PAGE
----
Photo Credit: Johanna Geron / Flash 90
A street in Antwerp, Belgium

The European Jewish Congress has strongly condemned a decision made in the Wallon region in southern Belgium to effectively ban Shechita, the Jewish form of humane slaughter for meat.

EJC President Dr. Moshe Kantor called the decision as “scandalous,” and said it stands in opposition to the European Union’s freedom of religion laws.


On Friday, the Environment Committee of the Wallon Parliament in Belgium’s French-speaking region voted to ban all slaughter without stunning, effective September 2019.

The Parliament’s plenary is now set to debate the issue later this month. A similar move has been proposed by the parliament in the Flanders region as well.

The proposal is to be presented later this month to a vote in the plenary of the Wallon parliament in Namur.

“This decision, in the heart of Western Europe and the center of the European Union, sends a terrible message to Jewish communities throughout our continent that Jews are unwanted,” Kantor said.

“It attacks the very core of our culture and religious practice and our status as equal citizens with equal rights in a democratic society. It gives succor to anti-Semites and to those intolerant of other communities and faiths.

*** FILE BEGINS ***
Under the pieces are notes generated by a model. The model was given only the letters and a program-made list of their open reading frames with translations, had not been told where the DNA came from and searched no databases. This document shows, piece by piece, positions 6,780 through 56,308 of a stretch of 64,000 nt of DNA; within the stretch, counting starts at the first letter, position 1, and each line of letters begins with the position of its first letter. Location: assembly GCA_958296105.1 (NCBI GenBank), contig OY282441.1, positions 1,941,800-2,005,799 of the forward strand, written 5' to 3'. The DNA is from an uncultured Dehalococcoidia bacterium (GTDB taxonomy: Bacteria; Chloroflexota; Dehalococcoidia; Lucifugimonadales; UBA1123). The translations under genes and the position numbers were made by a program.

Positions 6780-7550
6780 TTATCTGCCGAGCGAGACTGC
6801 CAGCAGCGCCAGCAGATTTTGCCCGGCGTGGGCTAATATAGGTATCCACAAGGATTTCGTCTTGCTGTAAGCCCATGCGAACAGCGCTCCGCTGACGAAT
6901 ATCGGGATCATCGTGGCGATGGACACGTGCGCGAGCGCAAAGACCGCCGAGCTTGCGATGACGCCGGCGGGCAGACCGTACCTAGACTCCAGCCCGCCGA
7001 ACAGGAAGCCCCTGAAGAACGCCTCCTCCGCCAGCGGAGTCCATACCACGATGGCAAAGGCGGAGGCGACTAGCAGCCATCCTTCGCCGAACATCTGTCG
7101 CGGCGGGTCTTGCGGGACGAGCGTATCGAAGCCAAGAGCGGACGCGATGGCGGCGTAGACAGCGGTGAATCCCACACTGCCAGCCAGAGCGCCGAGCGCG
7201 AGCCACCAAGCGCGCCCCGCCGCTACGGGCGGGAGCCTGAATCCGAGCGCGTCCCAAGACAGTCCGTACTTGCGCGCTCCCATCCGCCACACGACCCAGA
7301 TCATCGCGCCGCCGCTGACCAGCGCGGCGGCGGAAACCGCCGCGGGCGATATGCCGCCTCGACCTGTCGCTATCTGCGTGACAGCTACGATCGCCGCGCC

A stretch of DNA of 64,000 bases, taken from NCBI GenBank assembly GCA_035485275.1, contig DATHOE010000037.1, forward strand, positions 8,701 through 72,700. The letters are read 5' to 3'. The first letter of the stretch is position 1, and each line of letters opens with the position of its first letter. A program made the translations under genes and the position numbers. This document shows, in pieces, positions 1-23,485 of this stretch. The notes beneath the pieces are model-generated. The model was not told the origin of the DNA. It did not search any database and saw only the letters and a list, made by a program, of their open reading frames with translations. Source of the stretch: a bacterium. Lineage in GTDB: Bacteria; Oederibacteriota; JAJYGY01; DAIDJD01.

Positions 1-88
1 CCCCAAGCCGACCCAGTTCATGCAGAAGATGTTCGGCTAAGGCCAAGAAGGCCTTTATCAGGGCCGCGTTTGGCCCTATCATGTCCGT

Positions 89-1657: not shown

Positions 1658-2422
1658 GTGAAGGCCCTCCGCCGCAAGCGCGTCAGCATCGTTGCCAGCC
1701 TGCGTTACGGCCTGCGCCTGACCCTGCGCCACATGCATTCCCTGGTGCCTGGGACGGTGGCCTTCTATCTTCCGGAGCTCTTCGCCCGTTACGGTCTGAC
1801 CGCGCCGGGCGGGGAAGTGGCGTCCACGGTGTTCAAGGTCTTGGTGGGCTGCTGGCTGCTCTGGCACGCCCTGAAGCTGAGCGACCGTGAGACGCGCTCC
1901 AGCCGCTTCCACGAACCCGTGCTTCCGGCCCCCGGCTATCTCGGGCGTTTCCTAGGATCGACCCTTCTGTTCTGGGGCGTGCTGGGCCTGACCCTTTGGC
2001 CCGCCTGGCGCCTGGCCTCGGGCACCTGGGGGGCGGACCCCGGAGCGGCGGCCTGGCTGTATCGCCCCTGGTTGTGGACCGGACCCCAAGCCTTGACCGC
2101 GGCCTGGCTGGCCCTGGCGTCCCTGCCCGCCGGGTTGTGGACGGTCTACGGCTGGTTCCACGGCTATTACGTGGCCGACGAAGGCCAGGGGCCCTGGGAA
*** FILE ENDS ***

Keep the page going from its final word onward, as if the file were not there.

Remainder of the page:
“We call on legislators to step back from the brink of the greatest assault on Jewish religious rights in Belgium since the Nazi occupation of the country in WWII,” he urged.

“The European Jewish Congress and its affiliates stand in total solidarity with the Jewish community of Belgium in its fight to maintain its most basic religious freedoms,” he added.

“We will not rest until this ban is overturned and Jews in Europe are able to practice their most basic religious rights.”


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Hana Levi Julian is a Middle East news analyst with a degree in Mass Communication and Journalism from Southern Connecticut State University. A past columnist with The Jewish Press and senior editor at Arutz 7, Ms. Julian has written for, and other media outlets, in addition to her years working in broadcast journalism.